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IFA accuses Aviva of bid to poach client

An IFA has accused Aviva of trying to poach his client although the provider says it does not have paperwork to indicate that the client belongs to the adviser.

Aviva contacted a client of Hereward Financial Services managing director Mick Jones two weeks ago without his consent, offering an appointment to discuss retirement options for an existing pension.

When Jones questioned Aviva why it had approached his client, he was told that the case was marked as orphaned.

Jones’ firm was an appointed representative of Norwich Union between 1993 and 1995 before joining DBS. He became a directly authorised IFA in March 2005 following the demise of Network 300.

Jones requested quotes for a pension top-up in 2005 and says documents clearly state the firm’s new name, client policy details and his role as agent.

In June, Money Marketing revealed that Aviva would be reviewing the script used by call centre staff to determine if a client is orphaned following another adviser’s complaint that the firm had poached one of his clients.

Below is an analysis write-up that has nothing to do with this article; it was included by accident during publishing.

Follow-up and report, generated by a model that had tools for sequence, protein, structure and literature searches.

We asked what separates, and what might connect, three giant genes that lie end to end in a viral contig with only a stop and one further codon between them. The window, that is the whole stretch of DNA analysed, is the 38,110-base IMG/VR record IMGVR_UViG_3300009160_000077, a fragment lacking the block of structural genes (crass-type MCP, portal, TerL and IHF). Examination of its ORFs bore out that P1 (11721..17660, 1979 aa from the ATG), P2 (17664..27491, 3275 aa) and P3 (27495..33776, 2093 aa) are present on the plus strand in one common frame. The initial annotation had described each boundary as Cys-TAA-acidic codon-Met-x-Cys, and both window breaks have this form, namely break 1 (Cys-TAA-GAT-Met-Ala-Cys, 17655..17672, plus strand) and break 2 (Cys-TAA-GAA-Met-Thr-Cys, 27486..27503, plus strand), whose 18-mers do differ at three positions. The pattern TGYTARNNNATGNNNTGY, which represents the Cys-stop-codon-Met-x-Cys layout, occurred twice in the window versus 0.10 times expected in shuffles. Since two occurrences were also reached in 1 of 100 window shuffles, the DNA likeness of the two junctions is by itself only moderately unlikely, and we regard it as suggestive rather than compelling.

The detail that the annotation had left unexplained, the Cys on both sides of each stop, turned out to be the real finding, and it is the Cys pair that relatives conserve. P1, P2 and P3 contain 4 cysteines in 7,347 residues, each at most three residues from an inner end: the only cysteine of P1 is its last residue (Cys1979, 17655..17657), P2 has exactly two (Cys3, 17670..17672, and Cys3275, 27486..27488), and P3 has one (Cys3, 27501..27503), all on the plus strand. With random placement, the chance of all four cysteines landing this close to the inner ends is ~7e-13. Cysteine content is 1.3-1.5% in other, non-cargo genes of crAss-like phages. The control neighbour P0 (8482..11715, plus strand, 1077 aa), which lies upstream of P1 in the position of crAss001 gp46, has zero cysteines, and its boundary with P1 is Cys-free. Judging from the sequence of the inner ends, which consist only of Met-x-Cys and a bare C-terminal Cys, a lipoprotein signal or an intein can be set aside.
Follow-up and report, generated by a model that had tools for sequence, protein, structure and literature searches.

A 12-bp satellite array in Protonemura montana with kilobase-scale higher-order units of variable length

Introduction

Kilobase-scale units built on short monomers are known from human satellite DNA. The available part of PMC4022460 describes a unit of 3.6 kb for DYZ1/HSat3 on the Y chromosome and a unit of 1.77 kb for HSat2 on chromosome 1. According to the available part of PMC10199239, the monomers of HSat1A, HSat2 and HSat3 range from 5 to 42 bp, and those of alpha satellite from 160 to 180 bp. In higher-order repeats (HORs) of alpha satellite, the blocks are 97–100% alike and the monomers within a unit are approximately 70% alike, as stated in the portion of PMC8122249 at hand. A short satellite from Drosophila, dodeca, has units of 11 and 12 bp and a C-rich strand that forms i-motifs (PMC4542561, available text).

An Aviva spokesman says: “Aviva does not have a letter of authority on file indicating that Hereward Financial Services is the customer’s adviser.

“However, Aviva is taking this case very seriously and is conducting a thorough investigation. The IFA channel is Aviva’s biggest and most important distribution channel and we will be happy to discuss this issue further with Hereward Financial Services to resolve this case.”

Jones says: ” I do accept that mistakes can happen but surely the salesperson who contacted my client should have asked her if she already had an IFA. My client is annoyed that ano-ther department within Aviva has been furnished with her personal details without her knowledge.”

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Comments

There are 23 comments at the moment, we would love to hear your opinion too.

  1. One of my clients contacted Aviva direct to increase their mortgage protection, Aviva cancelled the origional policy which resulted in clawback and set up new policy direct with client. They need to address these issues.

  2. the article does not make clear whether the IFA has been in contact with the client regarding this plan since 2005, however, if I had not been contacted by my IFA since 2005, I would consider myself orphaned.

  3. We had a client call Aviva about a general insurance query, afterwardsthey then directed him to a direct sales team who convinced him to cancel his policy with Aviva through ourselves and take one out direct with them at the same price. Aviva have done precisely nothing about it and clawed back our commission!!